The 14 miles I ran on Sunday was the furthest I have ever run. I have completed half marathons…but after that I usually take a week (or month) off. There is no such rest when training for a full marathon. So, doing a three mile recovery run was a new experience. The first half mile my legs felt like absolute Jello (I don’t eat Jello. So again no endorsement). I negotiated with myself to make it through one mile. My pace was slow, my knees hurt, but when I made it to the one mile marker I started to feel normal. By trusting the science that went into my training plan I pushed through and my legs felt better because of it. The recovery run isn’t supposed to feel great…but you have to push through to get to the greater goal of completing a marathon.

I go through this on a weekly basis at my job. Instead of running it comes in the form of video storytelling. The most overwhelming feeling when editing a news gathering story (not scripted or pre produced) is having 15 minutes worth of interviews, 10 minutes worth of B-roll (video that illustrates) and finding out how to put it all together in a neatly wrapped 2 minute story. Somedays, it’s easy and the story writes itself. Other stories are challenging. I stare at the footage, scroll through interviews, and have no idea which direction the story should go. I take my mind off of it by doing other tasks such as checking email, clearing SD cards, file management, all in hopes I will have an epiphany. It seldom if ever works. The only way to complete the project is to grind it out. Pick up a pen and start scripting the voice over. Go find the perfect music. Put some interviews together and see what flows…JUST DO IT.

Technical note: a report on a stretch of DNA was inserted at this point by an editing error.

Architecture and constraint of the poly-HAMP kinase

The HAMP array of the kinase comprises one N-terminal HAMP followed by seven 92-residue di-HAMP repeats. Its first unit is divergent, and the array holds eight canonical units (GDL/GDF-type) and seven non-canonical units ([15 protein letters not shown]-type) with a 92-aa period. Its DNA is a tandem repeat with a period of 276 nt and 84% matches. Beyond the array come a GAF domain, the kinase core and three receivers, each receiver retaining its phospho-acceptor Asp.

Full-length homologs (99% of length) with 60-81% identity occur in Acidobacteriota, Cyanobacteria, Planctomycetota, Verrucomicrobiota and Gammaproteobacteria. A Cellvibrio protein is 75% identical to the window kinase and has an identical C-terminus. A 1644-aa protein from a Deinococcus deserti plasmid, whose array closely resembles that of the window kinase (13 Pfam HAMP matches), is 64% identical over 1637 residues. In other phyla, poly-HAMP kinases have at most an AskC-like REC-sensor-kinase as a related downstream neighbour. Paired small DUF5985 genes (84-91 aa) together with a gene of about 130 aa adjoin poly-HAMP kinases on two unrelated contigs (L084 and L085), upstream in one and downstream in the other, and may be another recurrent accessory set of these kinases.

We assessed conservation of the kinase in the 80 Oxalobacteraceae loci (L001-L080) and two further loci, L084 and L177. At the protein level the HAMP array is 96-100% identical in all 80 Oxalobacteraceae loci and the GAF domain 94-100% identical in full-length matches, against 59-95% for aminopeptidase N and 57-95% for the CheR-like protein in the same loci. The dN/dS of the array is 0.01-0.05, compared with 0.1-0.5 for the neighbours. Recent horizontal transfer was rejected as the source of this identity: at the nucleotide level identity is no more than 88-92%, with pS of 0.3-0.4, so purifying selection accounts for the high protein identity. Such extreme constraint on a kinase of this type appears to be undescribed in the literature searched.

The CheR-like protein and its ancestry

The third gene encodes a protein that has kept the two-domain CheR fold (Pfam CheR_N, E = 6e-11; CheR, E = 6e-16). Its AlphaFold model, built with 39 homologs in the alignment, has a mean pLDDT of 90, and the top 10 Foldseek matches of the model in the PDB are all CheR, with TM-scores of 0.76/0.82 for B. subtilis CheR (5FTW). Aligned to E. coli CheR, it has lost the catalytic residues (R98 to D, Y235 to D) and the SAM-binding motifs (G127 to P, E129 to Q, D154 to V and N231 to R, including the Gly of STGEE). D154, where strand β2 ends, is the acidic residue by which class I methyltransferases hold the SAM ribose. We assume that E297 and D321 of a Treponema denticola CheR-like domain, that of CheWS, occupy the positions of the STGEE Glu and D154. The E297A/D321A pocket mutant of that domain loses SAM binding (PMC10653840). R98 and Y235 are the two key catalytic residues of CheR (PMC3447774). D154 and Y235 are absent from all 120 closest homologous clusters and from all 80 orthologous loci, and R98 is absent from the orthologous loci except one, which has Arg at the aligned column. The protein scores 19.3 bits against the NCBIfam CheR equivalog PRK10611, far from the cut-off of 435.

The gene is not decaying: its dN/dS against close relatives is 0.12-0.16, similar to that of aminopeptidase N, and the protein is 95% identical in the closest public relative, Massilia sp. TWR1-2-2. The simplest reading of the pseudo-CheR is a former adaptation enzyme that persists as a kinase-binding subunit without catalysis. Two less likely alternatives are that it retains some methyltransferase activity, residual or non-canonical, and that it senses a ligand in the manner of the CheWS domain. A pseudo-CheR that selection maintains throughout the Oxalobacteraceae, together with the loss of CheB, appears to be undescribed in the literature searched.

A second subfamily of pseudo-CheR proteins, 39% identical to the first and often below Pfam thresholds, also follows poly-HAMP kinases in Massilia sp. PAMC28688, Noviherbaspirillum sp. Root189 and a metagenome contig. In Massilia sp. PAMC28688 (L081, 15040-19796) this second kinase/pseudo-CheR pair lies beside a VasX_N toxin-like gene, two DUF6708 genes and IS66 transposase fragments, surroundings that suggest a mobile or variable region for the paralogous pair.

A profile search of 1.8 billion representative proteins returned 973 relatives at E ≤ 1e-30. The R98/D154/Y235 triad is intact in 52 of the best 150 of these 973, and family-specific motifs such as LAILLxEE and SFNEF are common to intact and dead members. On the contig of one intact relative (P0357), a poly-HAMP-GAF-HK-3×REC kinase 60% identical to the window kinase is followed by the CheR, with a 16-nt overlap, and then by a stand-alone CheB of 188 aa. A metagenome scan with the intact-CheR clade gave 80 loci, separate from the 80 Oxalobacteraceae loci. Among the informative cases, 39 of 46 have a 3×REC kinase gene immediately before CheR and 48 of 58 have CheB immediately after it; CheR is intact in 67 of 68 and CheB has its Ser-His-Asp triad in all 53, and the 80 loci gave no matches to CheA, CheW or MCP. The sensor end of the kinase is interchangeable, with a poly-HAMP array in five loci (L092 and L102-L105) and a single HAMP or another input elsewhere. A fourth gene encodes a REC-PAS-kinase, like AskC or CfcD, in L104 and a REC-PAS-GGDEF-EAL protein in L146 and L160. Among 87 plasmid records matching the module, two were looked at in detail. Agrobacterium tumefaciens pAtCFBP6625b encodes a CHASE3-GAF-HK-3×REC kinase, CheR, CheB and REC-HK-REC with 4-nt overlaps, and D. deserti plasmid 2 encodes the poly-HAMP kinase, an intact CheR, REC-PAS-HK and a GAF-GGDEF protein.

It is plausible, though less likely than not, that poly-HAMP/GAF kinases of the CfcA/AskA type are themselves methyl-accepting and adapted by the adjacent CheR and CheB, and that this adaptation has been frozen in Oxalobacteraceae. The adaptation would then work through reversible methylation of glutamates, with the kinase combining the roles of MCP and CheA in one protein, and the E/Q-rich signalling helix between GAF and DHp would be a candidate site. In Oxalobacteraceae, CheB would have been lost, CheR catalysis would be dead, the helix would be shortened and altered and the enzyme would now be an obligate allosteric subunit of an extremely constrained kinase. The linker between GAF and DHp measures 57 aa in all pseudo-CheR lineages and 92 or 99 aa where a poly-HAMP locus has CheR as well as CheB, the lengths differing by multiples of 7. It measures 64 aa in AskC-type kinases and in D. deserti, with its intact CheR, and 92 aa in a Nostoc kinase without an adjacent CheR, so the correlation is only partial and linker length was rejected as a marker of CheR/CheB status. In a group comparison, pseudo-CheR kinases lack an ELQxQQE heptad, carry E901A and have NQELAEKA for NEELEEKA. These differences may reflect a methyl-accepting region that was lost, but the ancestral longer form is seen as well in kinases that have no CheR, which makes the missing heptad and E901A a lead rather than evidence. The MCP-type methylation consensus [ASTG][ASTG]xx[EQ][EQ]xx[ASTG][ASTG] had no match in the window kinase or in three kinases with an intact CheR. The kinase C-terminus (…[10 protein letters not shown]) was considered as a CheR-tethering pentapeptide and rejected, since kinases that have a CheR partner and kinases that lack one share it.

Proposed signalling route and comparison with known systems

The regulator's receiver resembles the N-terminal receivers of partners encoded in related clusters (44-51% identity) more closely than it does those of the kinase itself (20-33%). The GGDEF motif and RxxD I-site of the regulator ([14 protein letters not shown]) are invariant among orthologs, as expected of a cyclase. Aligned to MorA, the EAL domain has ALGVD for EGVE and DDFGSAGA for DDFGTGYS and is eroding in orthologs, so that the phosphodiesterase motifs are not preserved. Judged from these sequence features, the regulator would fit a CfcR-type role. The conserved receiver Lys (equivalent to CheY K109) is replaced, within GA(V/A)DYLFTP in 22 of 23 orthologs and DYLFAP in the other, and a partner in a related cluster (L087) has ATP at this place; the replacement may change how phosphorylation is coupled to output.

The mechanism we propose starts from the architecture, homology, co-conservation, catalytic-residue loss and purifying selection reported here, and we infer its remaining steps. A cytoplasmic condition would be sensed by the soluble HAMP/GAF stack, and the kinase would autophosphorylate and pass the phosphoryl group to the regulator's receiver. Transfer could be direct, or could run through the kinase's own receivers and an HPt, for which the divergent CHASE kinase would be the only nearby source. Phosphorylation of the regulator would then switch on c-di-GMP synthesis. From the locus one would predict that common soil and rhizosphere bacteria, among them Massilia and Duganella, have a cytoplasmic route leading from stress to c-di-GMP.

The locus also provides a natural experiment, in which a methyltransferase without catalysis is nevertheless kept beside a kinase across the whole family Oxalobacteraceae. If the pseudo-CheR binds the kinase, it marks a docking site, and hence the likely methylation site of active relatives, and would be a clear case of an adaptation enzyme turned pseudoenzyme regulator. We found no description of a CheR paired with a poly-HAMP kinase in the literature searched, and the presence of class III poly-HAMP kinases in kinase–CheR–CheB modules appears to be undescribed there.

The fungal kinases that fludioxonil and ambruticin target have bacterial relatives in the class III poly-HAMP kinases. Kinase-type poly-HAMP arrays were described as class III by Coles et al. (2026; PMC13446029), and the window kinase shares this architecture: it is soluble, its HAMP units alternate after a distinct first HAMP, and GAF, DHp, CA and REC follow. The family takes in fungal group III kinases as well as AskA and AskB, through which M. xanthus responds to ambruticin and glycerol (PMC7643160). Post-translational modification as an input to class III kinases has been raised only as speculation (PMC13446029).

Once you get through that first half mile the story usually starts to come into focus. Next up…16 miles on Saturday.

Army Strong

Sometimes, motivation is found in the most unlikely of places. When I woke up this morning and looked at my phone I wasn’t exactly thrilled. My weather app informed me it was 42 degrees and lightly raining. Not ideal conditions for the longest run of my life. So I did what any determined runner would do…I took my sweet time to find the right clothes to wear in the elements. As I was spreading the peanut butter on my bread for my pre run meal I was craving something else. Motivation. Unfortunately, I wasn’t finding any. I forced myself out the door to simply get it over with.